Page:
Many mental health conditions can be diagnosed through informal conversations. However, a therapist or mental health professional will sometimes administer a structured evaluation. These evaluations can come in several forms depending on the diagnosis. At this point, the therapist evaluates the answers and uses the Diagnostic and Statistical Manual of Mental Disorder, Fifth Edition to determine an accurate diagnosis. Therapists might also assess the individual for other disorders that commonly accompany the initial diagnosis.

Stage 3: Treatment Plan

After giving a diagnosis, most therapists work with a team of other mental health professionals to develop an effective treatment plan. The group, which often includes a general practitioner, a psychiatrist, and a counselor, recommends inpatient or outpatient treatment depending upon the severity of the mental health disorder diagnosed. Even though talk therapy is the most common form of treatment for mental health disorders, some disorders can be treated with medication. The most effective treatment plans combine therapy and medication. Exercise, acupuncture, yoga, and massages can also be helpful.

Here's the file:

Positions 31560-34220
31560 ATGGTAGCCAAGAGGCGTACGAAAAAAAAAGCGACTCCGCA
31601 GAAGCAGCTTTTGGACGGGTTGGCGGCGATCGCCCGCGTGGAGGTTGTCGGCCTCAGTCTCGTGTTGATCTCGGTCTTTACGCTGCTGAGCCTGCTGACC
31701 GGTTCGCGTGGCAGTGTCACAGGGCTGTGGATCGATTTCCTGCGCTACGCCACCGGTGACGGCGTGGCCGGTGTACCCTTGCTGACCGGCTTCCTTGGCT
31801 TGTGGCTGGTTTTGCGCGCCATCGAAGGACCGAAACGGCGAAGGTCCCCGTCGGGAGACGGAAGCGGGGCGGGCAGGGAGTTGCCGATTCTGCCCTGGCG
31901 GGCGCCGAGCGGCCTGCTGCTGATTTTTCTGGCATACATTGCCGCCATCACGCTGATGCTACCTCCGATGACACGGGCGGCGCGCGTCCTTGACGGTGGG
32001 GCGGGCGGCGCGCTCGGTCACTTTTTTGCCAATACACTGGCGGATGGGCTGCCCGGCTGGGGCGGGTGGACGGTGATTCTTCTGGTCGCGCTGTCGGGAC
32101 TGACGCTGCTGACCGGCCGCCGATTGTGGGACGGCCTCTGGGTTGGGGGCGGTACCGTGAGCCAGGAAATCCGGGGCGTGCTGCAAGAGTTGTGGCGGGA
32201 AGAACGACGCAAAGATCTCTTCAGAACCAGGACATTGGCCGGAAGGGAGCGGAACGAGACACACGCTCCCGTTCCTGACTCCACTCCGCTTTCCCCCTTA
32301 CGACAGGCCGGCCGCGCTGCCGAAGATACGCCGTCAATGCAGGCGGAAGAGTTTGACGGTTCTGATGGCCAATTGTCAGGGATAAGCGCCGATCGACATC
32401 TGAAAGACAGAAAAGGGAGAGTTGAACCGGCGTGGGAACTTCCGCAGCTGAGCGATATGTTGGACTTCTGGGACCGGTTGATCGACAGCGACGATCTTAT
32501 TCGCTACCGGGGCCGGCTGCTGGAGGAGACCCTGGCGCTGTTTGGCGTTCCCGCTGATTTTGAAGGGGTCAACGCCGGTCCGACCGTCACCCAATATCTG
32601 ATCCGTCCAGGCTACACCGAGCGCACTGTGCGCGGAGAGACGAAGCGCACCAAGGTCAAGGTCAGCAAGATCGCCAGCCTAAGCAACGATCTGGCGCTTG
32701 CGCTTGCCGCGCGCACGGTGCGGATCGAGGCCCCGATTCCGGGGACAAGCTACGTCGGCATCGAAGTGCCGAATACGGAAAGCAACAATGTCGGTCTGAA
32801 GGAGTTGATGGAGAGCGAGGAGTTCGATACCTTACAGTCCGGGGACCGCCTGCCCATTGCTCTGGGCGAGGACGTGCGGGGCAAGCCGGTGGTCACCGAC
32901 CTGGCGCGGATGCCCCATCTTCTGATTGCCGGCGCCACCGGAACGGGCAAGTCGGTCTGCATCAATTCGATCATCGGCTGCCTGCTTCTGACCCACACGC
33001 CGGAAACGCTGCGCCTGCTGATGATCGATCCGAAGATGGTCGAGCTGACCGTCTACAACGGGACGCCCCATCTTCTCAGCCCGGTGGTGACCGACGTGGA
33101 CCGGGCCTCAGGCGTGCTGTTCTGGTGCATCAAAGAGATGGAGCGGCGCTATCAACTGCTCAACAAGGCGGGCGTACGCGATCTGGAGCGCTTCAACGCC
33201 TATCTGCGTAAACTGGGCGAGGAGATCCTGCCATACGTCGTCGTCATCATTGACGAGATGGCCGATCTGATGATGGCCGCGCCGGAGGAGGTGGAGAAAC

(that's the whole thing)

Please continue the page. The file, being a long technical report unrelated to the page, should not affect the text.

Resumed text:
Helping You Achieve Optimal Mental Health

Mental health is one of the most important aspects of wellness. Unfortunately, many people don’t realize how debilitating mental health conditions can be when they go undiagnosed and untreated. If you think you may be struggling with a mental health condition, getting an official diagnosis from a qualified professional is important. Our team is here to help you through every step of the process, from your initial evaluation to developing a treatment plan that works for you. Don’t suffer in silence – contact us today to learn more about our mental health treatment programs.

Innovative, Evidence-Based Therapies